You really have to have tangled with the teachers’ union to know that that remark is not so over-the-top and awful as it must first appear.
‐More Kerry? Okay, this time John. Said the Big Guy, “I think George Bush is on the run. And I think he’s on the run because he doesn’t have a record to run on.”
What a queer thing to say. You may deplore George Bush’s record, as the Democrats do (and as some Republicans do)–but it is undeniably a record! The War on Terror, including the toppling of two governments; sweeping tax cuts; the Department of Homeland Security and the Patriot Act; missile defense; education reform; immigration reform; the prescription-drug entitlement; the faith-based initiative; etc.
Odd that a candidate should think he has to say the other guy has no record, when the raison d’être of the first guy’s candidacy is to oppose and overturn the record of the other guy.
‐Speaking of the record of the other guy: It would behoove all interested to read the speech the president gave before the Republican Governors Association the other night. It was a beaut. It laid out the rationale for the Bush presidency, and the 2004 reelection. I’m hard pressed to say how it could be put better: more clearly, more beautifully. There is no real need to give any other speech this year. From now until November, it’ll be variations on this thing. Little more can be said.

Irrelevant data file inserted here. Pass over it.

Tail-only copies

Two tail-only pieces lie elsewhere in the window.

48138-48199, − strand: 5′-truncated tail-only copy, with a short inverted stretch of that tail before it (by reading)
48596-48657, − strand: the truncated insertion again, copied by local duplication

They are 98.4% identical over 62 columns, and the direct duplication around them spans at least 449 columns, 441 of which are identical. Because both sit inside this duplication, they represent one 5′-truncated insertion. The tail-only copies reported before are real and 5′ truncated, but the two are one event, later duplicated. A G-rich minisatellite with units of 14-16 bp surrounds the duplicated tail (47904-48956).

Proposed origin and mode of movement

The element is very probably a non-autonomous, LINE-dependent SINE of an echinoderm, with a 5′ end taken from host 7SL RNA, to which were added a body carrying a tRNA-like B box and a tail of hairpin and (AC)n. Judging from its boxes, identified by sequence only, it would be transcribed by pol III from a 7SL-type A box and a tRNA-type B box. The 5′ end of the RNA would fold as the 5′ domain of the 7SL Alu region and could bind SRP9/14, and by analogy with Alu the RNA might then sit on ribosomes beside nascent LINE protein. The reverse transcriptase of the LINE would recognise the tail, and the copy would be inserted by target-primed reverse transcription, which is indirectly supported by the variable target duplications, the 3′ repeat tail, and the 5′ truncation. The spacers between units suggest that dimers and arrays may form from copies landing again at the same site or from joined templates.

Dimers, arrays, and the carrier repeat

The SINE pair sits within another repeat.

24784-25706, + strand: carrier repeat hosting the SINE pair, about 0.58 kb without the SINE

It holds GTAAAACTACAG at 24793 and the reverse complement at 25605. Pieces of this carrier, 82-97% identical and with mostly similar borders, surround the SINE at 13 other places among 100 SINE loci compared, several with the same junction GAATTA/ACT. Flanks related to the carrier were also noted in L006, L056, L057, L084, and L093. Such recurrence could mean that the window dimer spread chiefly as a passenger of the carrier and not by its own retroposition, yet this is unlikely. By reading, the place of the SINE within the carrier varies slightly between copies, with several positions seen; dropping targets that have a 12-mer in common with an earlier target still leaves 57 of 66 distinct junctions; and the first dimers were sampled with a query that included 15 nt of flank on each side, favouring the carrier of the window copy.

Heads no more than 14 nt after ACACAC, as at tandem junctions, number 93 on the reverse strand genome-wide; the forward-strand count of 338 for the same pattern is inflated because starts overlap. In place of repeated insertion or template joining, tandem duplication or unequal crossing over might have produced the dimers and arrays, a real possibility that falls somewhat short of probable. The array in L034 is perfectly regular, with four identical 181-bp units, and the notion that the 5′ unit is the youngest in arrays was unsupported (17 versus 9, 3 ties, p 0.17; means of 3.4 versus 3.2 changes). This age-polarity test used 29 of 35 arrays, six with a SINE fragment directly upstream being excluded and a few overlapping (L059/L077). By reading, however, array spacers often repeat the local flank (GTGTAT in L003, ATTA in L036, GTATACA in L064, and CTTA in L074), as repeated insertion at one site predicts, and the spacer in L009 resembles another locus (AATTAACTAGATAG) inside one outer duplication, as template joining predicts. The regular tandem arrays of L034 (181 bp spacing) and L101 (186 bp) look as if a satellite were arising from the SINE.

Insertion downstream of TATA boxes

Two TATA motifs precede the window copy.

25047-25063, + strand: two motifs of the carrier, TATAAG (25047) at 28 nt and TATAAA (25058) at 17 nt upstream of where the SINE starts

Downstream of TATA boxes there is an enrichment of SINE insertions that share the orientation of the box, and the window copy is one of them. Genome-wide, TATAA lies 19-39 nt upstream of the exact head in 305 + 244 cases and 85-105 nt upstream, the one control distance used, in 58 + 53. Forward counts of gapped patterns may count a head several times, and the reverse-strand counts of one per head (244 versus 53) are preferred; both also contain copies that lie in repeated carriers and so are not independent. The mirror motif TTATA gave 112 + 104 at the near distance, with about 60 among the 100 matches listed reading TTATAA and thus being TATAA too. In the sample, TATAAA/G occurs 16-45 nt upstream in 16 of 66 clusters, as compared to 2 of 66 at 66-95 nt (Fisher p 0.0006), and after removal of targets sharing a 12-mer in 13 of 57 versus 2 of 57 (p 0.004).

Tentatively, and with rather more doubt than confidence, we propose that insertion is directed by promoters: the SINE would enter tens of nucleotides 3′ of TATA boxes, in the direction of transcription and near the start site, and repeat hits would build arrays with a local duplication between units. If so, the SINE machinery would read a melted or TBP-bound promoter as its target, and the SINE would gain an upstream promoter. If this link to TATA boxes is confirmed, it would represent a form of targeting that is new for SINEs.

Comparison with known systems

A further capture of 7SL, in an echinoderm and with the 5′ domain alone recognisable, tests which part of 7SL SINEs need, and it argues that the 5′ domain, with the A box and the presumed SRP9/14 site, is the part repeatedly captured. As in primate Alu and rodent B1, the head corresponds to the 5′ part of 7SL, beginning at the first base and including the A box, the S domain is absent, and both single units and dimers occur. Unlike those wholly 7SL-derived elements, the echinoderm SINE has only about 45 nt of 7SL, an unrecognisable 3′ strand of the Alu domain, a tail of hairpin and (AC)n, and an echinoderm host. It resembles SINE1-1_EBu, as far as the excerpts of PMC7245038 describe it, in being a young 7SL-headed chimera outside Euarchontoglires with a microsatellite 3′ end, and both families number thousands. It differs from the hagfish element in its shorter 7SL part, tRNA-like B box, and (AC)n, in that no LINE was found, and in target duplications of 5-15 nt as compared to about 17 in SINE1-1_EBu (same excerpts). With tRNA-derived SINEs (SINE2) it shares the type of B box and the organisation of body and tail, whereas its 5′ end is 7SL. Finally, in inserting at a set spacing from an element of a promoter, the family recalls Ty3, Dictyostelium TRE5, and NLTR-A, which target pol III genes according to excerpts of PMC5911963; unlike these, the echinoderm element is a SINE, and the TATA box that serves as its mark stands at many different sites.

(I interrupt this impromptu to deliver a commercial: Remember the NR book “We Will Prevail”, our collection of Bush speeches, foreword by the incandescent Peggy Noonan, introduction by the less candescent me. Only $24.95. A steal.)
Let me quote a little from the Republican Governors speech. First, a little wit: “The governor of California is new to politics, so he’s still getting used to all the cameras and lights. I used to think the coolest governor was from Florida.” Very nice.
Some more wit? “I also want to acknowledge a man who is not here: Vice President Dick Cheney spent the day campaigning in Minneapolis and Wichita. But he’s recently completed another important assignment. Once again, I put him in charge of my vice-presidential search committee. He tells me he’s reviewed all the candidates, and he’s come back with the same recommendation as last time. [Turning serious.] In fact, I made the choice myself, and I have taken the measure of this man. They don’t come any better, and I am proud to have Dick Cheney by my side.”